One of the most important nights in film history is the dream of actors and filmmakers around the world.  As the hype of the Oscars has the stars cleaned up and ready to roll on this historic night hosted by Steve Martin and Alec Baldwin, viewers all over the nation will take the events of this one night to heart.

For the first time in Oscar history, the “Best Directing” award goes to a woman, Kathryn Bigelow. It was a truly historic night which James Cameron may never forget. His ex-wife, Kathryn Bigelow, director of The Hurt Locker, wipes the Academy stage with cinematic giant, Avatar, by taking home both the Oscars for “Best Picture” and “Best Directing.” Although Avatar was unable to capture “Best Picture” and best “Directing” it took home the Oscars for “Art Direction,” “Cinematography,” and “Visual Effects.” The Hurt Locker would capture an astounding six of its nine nominations.

Although the night was dominated by the film The Hurt Locker, which won other Oscars including best “Film Editing,” “Sound Editing,” “Sound Mixing,” and “Writing (Original Screenplay),” other films got their spot underneath the bright lights. These include the film from Argentina, The Secret in Their Eyes (El Secreto de Sus Ojos), which won the Oscar for Best “Foreign Film,” and Up, directed by Pete Docter, captures the Oscar for “Best Animated Feature Film,” and last but not least, taking home the Oscar for best “Writing (Adapted Screenplay),” screenwriter Geoffrey Fletcher, for his screenplay for Precious: Based on the Novel ‘Push’ by Sapphire.

It was an emotional night for both Jeff Bridges, who takes home the Oscar for best “Actor in a Leading Role” for his role in Crazy Heart, and Christoph Waltz, who takes home the Oscar for “Actor in a Supporting Role” for his performance in Inglourious Basterds. A shocked Sandra Bullock takes home the Oscar for best “Actress in a Leading Role” in her performance in The Blind Side, and Mo’Nique takes home best “Actress in a Supporting Role” for her performance in Precious.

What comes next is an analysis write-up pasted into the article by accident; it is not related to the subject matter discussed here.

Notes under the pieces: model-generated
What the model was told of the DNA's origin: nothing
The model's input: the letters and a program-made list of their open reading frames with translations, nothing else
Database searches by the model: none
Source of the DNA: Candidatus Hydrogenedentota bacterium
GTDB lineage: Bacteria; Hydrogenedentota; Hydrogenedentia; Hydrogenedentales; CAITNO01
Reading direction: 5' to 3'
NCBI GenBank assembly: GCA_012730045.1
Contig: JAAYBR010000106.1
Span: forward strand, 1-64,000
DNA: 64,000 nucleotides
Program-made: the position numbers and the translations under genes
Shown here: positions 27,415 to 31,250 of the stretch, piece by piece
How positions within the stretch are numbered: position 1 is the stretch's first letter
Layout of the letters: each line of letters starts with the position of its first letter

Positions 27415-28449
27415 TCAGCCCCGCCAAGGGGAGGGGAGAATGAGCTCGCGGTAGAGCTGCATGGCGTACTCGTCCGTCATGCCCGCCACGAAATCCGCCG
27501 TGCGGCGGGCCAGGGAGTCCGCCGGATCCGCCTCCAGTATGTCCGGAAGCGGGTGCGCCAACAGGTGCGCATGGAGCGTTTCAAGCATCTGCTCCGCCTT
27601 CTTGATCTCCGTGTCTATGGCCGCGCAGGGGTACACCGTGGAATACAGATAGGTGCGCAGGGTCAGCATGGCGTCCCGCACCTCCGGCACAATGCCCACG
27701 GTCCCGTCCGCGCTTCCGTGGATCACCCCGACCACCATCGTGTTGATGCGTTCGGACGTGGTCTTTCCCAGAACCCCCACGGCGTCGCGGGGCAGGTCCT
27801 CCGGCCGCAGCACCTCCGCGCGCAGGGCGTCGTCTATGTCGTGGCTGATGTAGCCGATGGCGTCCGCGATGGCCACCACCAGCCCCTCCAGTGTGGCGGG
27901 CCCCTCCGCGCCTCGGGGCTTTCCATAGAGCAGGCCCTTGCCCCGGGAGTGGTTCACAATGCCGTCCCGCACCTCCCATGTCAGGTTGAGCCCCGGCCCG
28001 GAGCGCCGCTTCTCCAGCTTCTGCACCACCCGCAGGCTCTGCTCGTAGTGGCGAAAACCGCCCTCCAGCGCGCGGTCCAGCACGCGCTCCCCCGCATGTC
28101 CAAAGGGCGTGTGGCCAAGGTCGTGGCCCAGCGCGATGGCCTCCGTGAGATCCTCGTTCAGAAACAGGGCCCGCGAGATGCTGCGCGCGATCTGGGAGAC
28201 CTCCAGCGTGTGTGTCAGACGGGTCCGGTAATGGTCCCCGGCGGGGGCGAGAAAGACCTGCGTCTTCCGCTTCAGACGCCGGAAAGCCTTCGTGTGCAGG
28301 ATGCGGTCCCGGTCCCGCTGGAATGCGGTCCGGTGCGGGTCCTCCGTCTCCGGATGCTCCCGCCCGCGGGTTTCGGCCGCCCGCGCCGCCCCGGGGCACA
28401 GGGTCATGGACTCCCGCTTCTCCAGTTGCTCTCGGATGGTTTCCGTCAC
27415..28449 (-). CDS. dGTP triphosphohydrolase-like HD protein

The Young Victoria, a movie highlighting the first few years of Queen Victoria’s rule and her elaborate romance with Prince Albert, not surpisingly, takes home the Oscar for “Costume Design,” for its extravagant costume styling.

The  Cove took home the Oscar for best “Documentary Feature.” By Louie Psihoyos and Fisher Stevens; this sad documentary documents the systematic slaughter of dolphins along the shores of  Taiji, Japan. Because dolphin meat is so expensive, a ‘cove’ along Taiji, Japan slaughters these poor creatures for their expensive meat. Although Japan denied the film makers the opportunity to shoot this event legally, the production team had to disguise the HD cameras to like rocks and other forms of landscapes in order to aviod suspicion. The irony is that the cameras were hidden so well, that they unable to be retrieved right away.

After a night full of surprises, hosted by two well-known and entertaining comedians, the Oscars lived up to expectations of many and astounded plenty of viewers nationwide.

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